RELIEFWEB 14 APR 2020
The World Bank approved today a $5 million grant from the International Development Association (IDA)* to respond to the threat posed by COVID-19 and strengthen national systems for public health preparedness in Burundi.
The project will provide immediate support to Burundi to prevent COVID-19 cases and restrain local transmission through containment strategies. It will also strengthen coordination and a referral medical laboratory network by training health personnel and providing equipment to laboratories at national and decentralized levels. It will also prepare and equip health facilities to treat patients and help develop efficient mechanisms for community-based disease surveillance and communication.
“This support will help the government’s efforts in putting systems in place for preparedness, treatment, and containment of COVID-19. This is particularly important as it will strengthen Burundi’s public health system in this highly rural and densely populated country,” said Jean-Christophe Carret, Country Director for Burundi, Democratic republic of Congo, Republic of Congo and Central African Republic.
The World Bank Group is rolling out a $14 billion fast-track package to strengthen the COVID-19 response in developing countries and shorten the time to recovery.
This immediate response includes financing, policy advice and technical assistance to help countries cope with the health and economic impacts of the pandemic.
International Finance Corporation is providing $8 billion in financing to this effort to help private companies affected by the pandemic and to preserve jobs.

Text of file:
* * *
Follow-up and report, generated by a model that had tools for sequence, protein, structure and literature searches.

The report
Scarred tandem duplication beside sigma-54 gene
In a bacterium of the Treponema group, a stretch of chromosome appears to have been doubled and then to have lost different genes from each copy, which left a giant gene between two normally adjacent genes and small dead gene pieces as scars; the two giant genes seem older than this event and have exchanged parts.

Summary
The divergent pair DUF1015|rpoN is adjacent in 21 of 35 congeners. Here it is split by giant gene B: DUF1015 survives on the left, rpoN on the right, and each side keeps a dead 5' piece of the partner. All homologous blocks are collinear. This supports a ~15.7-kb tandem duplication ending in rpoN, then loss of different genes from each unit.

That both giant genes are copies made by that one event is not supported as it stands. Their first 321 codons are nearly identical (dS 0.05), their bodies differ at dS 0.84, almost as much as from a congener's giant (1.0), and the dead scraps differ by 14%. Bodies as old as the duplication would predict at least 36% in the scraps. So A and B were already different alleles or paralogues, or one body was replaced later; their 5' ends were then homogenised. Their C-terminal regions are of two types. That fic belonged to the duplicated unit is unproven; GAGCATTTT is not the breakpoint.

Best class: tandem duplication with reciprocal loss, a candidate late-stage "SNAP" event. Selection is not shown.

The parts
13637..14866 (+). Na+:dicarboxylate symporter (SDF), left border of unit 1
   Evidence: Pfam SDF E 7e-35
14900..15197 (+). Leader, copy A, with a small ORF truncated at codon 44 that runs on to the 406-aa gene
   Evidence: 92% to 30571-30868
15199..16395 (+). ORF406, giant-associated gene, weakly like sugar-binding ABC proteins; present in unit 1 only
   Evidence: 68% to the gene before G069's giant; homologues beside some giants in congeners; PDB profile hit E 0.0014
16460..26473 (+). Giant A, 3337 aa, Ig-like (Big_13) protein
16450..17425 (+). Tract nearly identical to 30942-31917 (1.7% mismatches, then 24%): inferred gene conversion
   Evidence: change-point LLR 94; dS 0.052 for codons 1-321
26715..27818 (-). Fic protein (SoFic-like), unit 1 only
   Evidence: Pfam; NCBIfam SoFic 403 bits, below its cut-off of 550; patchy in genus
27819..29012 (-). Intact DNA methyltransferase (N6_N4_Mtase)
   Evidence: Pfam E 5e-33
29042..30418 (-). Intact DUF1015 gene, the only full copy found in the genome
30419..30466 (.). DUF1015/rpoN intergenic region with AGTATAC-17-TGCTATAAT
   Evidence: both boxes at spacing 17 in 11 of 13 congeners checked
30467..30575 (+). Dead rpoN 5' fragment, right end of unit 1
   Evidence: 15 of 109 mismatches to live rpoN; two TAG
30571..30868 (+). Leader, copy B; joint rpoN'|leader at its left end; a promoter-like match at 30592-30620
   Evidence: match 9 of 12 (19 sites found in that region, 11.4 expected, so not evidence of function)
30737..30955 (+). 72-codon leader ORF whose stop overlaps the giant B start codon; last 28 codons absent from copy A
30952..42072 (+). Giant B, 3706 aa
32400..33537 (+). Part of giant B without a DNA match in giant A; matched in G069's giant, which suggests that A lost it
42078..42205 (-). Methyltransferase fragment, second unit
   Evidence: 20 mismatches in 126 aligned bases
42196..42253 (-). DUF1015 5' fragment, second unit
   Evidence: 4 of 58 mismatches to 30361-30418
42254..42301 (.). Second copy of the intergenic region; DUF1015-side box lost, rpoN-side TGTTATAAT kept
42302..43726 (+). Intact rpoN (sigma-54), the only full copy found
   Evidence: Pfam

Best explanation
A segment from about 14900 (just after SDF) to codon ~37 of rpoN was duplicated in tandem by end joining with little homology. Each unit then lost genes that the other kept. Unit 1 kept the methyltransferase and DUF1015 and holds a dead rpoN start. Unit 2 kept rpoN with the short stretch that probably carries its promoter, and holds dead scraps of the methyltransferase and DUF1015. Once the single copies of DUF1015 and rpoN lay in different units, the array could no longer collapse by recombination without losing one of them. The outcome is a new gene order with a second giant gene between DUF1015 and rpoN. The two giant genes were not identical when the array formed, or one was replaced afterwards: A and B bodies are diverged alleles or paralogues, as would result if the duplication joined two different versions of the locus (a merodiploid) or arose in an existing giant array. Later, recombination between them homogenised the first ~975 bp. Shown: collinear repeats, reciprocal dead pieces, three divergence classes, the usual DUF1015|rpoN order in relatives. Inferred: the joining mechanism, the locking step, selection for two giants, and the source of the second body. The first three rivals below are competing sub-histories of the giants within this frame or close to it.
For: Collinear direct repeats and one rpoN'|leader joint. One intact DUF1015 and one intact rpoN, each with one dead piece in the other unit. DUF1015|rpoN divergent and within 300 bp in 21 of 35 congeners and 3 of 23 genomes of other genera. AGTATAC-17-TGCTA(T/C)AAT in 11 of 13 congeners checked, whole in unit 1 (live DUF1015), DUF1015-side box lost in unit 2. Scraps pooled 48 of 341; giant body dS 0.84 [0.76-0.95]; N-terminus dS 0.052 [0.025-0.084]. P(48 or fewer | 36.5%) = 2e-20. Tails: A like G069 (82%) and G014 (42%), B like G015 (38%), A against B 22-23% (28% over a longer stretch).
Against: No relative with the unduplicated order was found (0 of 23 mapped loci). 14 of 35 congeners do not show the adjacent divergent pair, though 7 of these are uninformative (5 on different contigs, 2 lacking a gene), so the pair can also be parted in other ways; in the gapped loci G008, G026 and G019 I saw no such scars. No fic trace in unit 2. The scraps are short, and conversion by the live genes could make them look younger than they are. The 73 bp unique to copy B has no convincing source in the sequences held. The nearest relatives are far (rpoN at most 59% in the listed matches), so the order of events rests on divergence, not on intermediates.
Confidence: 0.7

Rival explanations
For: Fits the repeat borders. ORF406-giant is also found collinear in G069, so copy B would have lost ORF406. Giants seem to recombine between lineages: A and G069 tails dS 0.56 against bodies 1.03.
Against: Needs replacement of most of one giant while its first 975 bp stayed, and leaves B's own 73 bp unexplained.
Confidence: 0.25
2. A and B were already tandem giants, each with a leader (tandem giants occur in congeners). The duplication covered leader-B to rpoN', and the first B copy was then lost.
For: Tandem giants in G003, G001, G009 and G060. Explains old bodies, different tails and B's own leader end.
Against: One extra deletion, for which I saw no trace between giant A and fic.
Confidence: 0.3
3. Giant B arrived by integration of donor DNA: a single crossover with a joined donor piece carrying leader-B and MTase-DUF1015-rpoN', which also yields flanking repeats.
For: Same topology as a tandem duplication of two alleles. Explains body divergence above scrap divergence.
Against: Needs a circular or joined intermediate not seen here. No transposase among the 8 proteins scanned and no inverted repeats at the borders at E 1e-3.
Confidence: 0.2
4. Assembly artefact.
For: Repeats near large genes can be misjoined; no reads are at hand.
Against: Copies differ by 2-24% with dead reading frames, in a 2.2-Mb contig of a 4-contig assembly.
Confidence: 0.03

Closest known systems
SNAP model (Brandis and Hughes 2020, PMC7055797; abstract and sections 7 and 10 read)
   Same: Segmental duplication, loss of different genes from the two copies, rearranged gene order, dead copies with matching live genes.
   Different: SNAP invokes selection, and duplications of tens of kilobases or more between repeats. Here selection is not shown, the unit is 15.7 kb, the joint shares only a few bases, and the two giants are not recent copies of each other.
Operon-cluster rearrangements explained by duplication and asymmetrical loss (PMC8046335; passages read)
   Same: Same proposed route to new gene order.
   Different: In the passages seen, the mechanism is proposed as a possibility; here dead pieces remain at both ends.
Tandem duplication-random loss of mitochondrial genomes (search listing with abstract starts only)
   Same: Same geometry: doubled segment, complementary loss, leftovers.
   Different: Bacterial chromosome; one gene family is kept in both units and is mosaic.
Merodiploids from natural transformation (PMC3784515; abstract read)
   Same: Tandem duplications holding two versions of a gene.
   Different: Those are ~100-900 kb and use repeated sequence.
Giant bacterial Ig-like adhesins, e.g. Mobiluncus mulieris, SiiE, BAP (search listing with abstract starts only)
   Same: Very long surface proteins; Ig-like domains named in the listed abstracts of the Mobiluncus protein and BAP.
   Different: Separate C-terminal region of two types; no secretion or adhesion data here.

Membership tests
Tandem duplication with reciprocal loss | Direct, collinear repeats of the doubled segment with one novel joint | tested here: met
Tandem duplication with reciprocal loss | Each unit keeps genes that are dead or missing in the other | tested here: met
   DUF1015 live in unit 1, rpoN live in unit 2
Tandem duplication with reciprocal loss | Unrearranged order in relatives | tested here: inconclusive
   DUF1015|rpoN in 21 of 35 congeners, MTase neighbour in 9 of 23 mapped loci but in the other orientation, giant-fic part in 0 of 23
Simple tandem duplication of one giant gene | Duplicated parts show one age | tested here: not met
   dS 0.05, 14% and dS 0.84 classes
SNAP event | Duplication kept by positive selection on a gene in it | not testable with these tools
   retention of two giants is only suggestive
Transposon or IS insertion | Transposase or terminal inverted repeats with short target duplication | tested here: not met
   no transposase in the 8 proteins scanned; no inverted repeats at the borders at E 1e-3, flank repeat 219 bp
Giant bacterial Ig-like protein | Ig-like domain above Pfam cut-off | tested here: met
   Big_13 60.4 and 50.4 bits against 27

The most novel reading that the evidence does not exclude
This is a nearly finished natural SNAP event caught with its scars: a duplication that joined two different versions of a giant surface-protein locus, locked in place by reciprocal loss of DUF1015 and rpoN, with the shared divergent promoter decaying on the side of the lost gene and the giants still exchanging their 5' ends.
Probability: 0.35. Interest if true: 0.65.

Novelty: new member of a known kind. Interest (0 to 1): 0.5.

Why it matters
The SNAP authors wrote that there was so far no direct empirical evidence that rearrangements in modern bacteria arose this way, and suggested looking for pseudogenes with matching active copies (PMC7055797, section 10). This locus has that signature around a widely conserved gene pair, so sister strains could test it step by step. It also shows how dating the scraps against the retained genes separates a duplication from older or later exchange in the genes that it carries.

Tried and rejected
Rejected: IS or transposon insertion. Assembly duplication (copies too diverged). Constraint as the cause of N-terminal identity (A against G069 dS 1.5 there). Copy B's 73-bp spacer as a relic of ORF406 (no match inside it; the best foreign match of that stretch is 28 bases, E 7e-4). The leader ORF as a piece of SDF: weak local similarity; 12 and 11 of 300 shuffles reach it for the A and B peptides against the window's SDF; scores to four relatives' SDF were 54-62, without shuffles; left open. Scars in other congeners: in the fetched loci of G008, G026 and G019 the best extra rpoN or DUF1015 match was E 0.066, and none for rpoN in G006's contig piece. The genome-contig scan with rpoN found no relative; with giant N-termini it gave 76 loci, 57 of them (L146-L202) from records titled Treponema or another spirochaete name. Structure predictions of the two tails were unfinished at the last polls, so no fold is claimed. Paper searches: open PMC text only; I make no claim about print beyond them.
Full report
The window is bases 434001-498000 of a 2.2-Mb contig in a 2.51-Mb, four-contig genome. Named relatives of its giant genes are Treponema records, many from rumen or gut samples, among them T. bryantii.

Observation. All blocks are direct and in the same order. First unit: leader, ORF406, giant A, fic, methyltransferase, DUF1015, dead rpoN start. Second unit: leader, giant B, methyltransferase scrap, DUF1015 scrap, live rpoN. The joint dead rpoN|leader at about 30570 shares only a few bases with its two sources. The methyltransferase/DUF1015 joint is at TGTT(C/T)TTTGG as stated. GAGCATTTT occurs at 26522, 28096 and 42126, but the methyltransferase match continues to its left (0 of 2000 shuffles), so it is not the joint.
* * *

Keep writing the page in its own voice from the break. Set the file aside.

International Bank of Reconstruction and Development and IDA are making an initial $6 billion available for the health response. In order to provide broader support to meet country needs, the World Bank Group will deploy up to $160 billion over 15 months to protect the poor and vulnerable, support businesses, and bolster economic recovery.
- The International Development Association (IDA) is the World Bank’s fund for the poorest. Established in 1960, it provides grants and low to zero-interest loans for projects and programs that boost economic growth, reduce poverty, and improve poor people’s lives. IDA is one of the largest sources of assistance for the world’s 76 poorest countries, 39 of which are in Africa. IDA resources help effect positive change in the lives of the 1.6 billion people living in the countries that are eligible for its assistance. Since its inception, IDA has supported development work in 113 countries. Annual commitments are constantly on the rise and have averaged $21 billion over the past three years, with about 61% going to Africa.